Agartala, Oct. 18: The prices of vegetables and rice, which had risen moderately during Durga Puja, went up further on Lakshmi Puja today.
While green chilli sold at Rs 300 per kg in all the local markets, the prices of vegetables rose by Rs 15 per kg.
“I bought lady’s finger at Rs 80 per kg, brinjal at Rs 65 per kg and other vegetables have sold at prices that are at least Rs 15-25 higher than usual,” said Anath Bandhu Sarkar, a school teacher at Amtoli of southern Agartala.
He said prices of vegetables generally go up during Lakshmi Puja as people partake of vegetarian food, but the increase has been “extraordinary” this year.
The idols of goddess Lakshmi have also sold at exorbitant prices. Even the tiniest of images have sold at Rs 300.
“The prices always rise around this time but this year, it is unusually high,” said Anath Bandhu, pointing an idol in his hand that he had purchased at Rs 500.
Bijay Gopal Saha, the president of the vegetable traders’ association in Battala, the biggest market in Agartala town, attributed the price rise to “an imbalance of demand and supply”.
“The demand is more and supply is less, so prices have risen sharply. We purchase the vegetables we sell directly from farmers in rural areas or other small markets. This year, production has been low and for some reasons we have not got vegetables from the neighbouring Barak valley districts and other areas of Assam and Meghalaya. Till Durga Puja, we sold cauliflowers at Rs 125 per kg but now we have to sell it at Rs 160 per kg because we have not received sufficient cauliflowers and tomatoes from Meghalaya,” said Saha.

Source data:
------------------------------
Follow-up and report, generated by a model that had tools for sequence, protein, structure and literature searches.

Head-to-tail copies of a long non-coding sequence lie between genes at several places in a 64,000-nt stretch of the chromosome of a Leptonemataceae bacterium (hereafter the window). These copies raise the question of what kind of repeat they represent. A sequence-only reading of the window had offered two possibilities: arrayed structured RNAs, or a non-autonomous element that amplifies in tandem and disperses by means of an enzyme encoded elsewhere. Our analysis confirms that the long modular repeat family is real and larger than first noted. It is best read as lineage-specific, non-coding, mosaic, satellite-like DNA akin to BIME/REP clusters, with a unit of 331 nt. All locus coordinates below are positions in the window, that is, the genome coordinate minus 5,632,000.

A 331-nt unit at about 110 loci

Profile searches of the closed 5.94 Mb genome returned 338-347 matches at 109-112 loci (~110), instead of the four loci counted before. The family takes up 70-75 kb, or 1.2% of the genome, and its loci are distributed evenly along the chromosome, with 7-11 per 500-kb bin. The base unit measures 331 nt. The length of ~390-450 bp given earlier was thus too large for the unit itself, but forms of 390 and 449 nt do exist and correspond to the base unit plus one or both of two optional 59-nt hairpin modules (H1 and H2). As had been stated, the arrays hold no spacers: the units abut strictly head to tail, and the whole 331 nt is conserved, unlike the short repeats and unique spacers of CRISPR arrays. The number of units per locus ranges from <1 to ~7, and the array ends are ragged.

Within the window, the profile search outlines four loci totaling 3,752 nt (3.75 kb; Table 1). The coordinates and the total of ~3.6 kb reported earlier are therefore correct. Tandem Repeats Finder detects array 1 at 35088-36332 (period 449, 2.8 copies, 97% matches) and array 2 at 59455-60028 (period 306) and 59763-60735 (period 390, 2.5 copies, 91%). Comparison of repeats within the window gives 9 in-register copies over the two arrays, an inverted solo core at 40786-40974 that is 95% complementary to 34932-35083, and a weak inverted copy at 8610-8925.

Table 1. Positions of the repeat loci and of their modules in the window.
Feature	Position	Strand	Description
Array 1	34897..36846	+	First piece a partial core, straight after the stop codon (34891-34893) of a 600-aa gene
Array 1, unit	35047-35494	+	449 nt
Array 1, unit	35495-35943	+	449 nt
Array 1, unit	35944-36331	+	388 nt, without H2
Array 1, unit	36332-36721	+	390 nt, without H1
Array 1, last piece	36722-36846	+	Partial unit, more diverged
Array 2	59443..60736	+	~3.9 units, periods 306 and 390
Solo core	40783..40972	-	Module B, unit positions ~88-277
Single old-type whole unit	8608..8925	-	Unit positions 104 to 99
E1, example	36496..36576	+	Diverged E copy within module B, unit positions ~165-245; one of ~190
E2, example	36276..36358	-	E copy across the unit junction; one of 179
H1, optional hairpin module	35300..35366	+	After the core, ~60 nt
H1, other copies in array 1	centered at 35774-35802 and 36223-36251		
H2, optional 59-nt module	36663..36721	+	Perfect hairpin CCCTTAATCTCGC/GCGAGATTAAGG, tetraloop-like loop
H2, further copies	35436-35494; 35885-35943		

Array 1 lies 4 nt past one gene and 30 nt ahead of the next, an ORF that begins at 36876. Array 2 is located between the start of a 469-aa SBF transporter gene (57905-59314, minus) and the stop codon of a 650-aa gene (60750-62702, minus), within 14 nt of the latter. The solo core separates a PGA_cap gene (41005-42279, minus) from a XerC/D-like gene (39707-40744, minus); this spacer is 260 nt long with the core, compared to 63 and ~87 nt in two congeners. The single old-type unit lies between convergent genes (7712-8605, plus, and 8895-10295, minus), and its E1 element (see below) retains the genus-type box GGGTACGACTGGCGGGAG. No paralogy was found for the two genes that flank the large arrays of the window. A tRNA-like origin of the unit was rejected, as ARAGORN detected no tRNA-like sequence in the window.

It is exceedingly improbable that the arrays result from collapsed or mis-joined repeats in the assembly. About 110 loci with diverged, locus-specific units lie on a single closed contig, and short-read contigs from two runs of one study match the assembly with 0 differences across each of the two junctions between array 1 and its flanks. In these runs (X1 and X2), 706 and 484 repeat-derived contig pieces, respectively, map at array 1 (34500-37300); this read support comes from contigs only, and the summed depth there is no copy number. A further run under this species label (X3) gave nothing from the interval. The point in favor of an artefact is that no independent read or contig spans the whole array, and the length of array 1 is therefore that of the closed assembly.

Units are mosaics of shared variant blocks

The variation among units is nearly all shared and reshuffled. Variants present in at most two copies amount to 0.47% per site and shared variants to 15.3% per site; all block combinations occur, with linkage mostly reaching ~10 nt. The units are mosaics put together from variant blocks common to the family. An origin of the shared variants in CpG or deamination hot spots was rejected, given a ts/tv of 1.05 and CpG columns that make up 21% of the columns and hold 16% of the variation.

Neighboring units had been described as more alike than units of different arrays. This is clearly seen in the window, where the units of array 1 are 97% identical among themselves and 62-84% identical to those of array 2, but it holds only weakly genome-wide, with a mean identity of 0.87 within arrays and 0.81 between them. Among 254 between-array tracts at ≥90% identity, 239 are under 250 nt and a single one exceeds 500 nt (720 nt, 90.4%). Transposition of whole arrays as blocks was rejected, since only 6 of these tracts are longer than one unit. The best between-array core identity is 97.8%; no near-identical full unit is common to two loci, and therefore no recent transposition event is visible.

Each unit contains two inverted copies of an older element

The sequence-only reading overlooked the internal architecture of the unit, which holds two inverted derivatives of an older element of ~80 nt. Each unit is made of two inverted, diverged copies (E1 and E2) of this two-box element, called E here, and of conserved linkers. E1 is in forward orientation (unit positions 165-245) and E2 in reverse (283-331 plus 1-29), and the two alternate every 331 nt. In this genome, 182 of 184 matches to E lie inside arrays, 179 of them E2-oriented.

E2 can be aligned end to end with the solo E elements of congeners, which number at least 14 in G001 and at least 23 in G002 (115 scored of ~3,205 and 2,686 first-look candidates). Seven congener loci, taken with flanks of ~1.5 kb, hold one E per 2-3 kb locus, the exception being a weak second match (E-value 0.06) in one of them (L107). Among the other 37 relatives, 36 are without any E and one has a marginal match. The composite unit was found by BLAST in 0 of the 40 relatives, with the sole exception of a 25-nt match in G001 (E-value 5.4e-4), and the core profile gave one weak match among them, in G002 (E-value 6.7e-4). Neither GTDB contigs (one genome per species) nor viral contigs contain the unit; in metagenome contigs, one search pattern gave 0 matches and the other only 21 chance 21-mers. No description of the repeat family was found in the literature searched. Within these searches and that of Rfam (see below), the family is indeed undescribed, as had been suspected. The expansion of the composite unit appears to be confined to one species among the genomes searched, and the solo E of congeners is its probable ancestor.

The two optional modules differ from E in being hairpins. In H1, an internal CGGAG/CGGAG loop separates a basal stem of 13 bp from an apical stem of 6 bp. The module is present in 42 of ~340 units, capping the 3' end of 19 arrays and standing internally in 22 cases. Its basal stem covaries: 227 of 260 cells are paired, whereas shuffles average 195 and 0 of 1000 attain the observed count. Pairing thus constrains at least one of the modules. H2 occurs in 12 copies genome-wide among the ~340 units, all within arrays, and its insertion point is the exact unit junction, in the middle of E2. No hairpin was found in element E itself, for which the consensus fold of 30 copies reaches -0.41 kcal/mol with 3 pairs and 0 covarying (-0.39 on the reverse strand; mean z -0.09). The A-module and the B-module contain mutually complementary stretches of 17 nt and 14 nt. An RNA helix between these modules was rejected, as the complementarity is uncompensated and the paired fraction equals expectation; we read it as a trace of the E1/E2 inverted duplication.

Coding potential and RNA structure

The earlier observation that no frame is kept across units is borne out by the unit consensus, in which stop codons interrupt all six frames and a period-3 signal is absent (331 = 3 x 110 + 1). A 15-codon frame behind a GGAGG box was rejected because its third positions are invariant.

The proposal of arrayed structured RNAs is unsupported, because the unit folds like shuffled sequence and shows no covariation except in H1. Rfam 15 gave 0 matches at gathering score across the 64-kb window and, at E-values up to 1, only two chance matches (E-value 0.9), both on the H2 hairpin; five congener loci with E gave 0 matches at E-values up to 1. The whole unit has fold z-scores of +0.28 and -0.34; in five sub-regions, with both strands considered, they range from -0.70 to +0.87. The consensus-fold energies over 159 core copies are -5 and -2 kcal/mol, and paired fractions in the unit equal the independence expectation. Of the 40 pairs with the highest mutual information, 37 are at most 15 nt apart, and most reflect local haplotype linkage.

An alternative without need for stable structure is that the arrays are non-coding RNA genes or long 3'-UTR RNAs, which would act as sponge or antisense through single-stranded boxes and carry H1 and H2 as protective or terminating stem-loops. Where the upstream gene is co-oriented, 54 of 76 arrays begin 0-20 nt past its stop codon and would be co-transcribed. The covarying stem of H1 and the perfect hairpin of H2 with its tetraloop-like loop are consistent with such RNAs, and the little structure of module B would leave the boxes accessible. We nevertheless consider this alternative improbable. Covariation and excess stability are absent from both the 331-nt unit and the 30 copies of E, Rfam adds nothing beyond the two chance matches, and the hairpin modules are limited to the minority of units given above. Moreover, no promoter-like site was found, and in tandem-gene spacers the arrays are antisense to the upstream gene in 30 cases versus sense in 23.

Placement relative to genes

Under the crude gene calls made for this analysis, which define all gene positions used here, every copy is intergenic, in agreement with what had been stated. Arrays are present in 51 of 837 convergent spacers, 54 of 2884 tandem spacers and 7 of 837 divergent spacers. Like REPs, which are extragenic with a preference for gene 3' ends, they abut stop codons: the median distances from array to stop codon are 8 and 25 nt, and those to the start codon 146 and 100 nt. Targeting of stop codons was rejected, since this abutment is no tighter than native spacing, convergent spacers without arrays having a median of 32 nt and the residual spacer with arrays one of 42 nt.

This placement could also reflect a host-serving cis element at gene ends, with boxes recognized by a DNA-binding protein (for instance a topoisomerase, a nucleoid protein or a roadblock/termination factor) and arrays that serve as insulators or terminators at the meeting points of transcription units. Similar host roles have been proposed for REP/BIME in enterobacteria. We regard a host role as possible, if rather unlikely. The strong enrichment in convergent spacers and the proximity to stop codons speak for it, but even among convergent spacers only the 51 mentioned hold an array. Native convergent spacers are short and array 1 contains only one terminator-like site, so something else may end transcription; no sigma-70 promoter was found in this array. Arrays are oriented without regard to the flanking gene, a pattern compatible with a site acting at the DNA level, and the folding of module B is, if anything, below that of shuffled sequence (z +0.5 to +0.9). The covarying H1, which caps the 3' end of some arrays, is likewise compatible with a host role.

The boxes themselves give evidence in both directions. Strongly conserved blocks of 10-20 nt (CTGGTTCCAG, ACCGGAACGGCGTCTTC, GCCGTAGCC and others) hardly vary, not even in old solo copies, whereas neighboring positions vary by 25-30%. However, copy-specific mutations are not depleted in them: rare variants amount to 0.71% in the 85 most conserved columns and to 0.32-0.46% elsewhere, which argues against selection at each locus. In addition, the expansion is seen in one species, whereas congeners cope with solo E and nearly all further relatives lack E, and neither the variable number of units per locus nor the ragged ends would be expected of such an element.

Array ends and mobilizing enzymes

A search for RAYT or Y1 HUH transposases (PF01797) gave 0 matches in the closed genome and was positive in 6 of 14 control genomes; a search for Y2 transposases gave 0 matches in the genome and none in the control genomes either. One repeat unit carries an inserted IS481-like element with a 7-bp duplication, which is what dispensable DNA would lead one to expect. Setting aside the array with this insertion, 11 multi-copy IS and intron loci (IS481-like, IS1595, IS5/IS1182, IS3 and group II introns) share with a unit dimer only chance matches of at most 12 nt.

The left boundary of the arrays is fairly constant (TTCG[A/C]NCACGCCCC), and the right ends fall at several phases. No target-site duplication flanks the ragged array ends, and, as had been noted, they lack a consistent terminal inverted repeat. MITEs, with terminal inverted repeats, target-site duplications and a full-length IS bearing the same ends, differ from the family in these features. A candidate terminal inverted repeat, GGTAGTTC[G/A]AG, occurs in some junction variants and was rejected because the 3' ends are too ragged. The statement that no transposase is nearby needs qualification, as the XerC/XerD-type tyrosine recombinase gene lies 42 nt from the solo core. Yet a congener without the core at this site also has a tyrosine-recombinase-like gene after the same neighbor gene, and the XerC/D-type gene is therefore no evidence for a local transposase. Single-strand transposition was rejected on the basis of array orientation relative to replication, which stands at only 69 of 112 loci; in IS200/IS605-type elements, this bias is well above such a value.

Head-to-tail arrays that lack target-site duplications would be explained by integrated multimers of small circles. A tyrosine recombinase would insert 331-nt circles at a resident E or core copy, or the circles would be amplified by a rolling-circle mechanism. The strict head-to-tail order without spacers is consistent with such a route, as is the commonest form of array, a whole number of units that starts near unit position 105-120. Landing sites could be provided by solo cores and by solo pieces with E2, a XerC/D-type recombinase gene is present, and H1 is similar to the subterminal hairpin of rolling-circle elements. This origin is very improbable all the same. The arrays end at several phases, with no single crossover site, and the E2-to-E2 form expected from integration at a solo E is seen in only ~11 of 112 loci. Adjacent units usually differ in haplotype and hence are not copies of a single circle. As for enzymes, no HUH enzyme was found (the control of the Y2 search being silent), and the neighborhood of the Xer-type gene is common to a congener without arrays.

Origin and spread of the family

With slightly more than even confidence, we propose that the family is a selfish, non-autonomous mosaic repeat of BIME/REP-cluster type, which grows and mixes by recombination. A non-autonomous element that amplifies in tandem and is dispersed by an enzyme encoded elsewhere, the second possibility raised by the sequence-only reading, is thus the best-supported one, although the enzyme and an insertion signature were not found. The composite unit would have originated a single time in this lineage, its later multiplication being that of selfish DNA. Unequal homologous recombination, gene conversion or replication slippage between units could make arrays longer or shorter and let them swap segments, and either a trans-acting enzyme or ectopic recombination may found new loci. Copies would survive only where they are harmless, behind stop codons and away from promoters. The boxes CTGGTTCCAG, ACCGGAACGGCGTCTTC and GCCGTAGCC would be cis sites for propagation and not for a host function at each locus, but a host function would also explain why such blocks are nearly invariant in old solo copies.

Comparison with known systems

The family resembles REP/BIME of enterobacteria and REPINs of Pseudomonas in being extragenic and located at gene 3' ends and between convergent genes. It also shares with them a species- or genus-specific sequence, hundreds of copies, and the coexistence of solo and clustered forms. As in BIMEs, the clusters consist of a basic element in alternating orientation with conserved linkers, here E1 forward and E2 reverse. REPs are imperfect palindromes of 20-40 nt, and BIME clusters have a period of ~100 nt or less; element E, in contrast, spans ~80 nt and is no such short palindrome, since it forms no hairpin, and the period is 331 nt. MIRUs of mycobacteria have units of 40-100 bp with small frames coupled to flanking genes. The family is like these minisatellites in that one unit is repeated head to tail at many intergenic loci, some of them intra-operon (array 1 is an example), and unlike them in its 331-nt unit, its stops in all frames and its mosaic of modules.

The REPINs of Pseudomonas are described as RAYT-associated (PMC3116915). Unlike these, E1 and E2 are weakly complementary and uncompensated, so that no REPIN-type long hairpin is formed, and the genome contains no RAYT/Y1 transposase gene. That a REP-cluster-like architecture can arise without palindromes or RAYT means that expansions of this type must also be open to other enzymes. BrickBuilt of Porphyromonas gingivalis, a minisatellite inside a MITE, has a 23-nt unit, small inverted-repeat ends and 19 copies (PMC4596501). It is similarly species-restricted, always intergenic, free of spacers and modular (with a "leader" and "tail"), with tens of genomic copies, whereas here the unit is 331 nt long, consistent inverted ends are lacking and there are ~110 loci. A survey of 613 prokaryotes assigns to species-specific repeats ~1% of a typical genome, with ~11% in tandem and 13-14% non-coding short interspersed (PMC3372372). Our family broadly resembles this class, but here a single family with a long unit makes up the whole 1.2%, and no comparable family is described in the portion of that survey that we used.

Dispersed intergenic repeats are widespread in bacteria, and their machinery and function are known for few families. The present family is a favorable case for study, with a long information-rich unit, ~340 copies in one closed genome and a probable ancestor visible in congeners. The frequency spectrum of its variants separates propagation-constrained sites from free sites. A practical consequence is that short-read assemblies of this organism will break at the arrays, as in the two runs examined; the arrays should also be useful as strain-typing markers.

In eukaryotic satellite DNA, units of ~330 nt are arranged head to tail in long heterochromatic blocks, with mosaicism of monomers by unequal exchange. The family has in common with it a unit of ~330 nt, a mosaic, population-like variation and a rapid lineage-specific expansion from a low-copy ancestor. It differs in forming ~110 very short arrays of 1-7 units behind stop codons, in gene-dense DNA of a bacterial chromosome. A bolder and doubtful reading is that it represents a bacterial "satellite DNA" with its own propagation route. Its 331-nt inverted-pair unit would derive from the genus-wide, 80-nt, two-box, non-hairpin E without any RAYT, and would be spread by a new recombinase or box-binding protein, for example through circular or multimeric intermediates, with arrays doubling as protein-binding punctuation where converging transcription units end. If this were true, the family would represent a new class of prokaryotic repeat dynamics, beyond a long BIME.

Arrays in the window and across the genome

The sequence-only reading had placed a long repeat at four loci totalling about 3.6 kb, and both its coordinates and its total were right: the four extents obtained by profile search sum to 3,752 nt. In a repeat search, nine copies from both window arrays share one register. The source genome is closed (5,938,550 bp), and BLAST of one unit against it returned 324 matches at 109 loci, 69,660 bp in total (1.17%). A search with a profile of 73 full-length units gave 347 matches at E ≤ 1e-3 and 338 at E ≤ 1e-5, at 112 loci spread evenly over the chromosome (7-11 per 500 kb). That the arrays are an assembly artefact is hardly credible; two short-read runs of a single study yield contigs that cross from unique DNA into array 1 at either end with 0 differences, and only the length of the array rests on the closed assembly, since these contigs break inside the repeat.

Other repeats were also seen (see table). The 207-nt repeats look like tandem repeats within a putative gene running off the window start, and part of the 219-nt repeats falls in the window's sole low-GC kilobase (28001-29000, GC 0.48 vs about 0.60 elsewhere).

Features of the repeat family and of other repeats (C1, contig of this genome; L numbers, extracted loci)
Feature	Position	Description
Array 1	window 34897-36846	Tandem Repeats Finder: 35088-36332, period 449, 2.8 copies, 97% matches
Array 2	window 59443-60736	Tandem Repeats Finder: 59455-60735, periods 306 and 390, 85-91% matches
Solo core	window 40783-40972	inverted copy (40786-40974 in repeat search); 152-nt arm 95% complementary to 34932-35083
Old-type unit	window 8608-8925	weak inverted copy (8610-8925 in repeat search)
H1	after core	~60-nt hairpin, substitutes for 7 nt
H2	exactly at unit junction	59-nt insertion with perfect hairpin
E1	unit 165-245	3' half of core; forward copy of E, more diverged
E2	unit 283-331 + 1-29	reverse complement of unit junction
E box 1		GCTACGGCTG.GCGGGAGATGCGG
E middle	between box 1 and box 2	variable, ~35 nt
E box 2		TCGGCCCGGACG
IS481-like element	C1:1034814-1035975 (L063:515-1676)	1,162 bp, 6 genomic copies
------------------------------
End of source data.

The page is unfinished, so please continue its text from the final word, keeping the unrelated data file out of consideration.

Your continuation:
He, however, added that the “extraordinary level” of prices would come down from tomorrow after Lakshmi Puja.
“However, this will be a brief respite as prices will rise again for Diwali. Unless our agricultural production rises, the prices will continue to be high,” said Saha.
The state government also cracked down on the sale, purchase and use of firecrackers today.
Sub-divisional officers in Sadar, Sonamura and Khowai subdivisions have seized firecrackers and other noise pollutants valued at Rs 10 lakh.
A team from the state Pollution Control Board, headed by its chairperson, professor (retd) Mihir Deb, has also been on an inspection spree, to penalise people engaged in trading in firecrackers.
“There is a high court order regarding the permitted decibel level. So we are trying to control the noise levels,” said M.K. Mookherjee, an executive engineer in the board.